In the news this week, a large well-known church in Montreal will close and be offered for sale. Trinity Memorial was built to accommodate 1,000 people, but as the number of parishioners has diminished the Archdeacon says the costs of maintenance, “is beyond their capacity to maintain”.
In Windsor Ontario, another church is set to be torn down. Originally built in 1922, with additions in 1955, city council has approved its demolition to be replaced with housing.
Melanie Paul Tanovich had wanted to purchase the church and hall for a music and dance studio but was turned down. Quoted in the CBC she said, “”It’s a great shame,” Tanovich said after the vote. “The structure has been confirmed by highly respected professionals. It’s beautiful inside. There’s an ambience that just can’t be appreciated unless you stand in it”. It seems destined to make way for a housing development.
All across Canada, churches are being abandoned and sold, the historic buildings are often then torn down.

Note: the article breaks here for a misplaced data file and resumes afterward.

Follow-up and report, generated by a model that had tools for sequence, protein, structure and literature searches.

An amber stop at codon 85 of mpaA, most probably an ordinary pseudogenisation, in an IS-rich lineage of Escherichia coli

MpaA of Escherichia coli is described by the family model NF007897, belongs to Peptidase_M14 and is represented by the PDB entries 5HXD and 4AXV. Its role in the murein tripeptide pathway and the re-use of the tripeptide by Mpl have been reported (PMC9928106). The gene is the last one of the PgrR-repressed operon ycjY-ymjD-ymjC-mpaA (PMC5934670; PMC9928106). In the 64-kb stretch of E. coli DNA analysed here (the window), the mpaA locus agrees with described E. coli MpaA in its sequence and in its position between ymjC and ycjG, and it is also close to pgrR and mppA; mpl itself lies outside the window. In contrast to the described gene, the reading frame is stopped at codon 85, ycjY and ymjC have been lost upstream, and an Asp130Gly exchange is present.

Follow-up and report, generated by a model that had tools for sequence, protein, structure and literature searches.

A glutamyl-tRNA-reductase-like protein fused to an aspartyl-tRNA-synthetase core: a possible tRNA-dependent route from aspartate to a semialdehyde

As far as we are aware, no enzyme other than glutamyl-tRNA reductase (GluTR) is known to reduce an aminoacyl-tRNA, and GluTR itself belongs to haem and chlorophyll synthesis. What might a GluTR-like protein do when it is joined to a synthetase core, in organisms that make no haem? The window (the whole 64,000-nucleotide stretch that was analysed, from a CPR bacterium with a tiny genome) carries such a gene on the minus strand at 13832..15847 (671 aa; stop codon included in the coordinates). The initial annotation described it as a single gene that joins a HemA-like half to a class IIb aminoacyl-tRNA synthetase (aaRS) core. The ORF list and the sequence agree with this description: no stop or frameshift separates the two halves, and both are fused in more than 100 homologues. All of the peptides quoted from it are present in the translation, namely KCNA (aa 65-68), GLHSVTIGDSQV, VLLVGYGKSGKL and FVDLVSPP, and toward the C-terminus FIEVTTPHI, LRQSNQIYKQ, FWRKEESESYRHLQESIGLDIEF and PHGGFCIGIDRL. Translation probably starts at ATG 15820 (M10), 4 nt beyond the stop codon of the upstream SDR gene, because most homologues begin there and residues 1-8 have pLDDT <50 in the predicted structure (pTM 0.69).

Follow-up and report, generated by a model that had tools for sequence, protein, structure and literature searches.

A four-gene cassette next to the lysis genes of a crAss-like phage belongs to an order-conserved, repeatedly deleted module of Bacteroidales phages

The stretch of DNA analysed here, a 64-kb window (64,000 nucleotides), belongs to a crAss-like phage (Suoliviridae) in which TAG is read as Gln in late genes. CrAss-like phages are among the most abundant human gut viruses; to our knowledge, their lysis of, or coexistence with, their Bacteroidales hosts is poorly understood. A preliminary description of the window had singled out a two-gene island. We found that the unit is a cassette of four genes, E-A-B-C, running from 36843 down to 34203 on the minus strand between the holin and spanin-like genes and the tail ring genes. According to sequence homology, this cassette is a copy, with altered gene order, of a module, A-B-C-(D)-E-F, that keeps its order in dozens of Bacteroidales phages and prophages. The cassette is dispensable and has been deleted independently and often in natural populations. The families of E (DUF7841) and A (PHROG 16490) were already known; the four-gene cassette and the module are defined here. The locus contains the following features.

It seems membership in traditional Christian churches is declining. The Anglican church for example went from a high of over 1,360,000 parishioners in 1964 to less than half by 2001 at 641,865.
In 2003, in the province of Quebec, some 2,751 places of worship were identified by Quebec’s Religious Heritage Council. Since then 400 have closed. Quoted by Post Media, Council project manager Denis Boucher says the rhythm of closures is increasing, “A church closes every week. It is a huge phenomenon”.
While Christian churches are being closed in Canada due mainly to diminishing congregations, the influs of newcomers means many other religious communities are growing in Canada.
While many churches have been torn down to make way for other uses, such as condos, in some cases, when a Christian church is put up for sale, it will be saved and converted to another religion.
As one Windsor resident said regarding St George’s, “Once a building is gone, you can’t get it back”.
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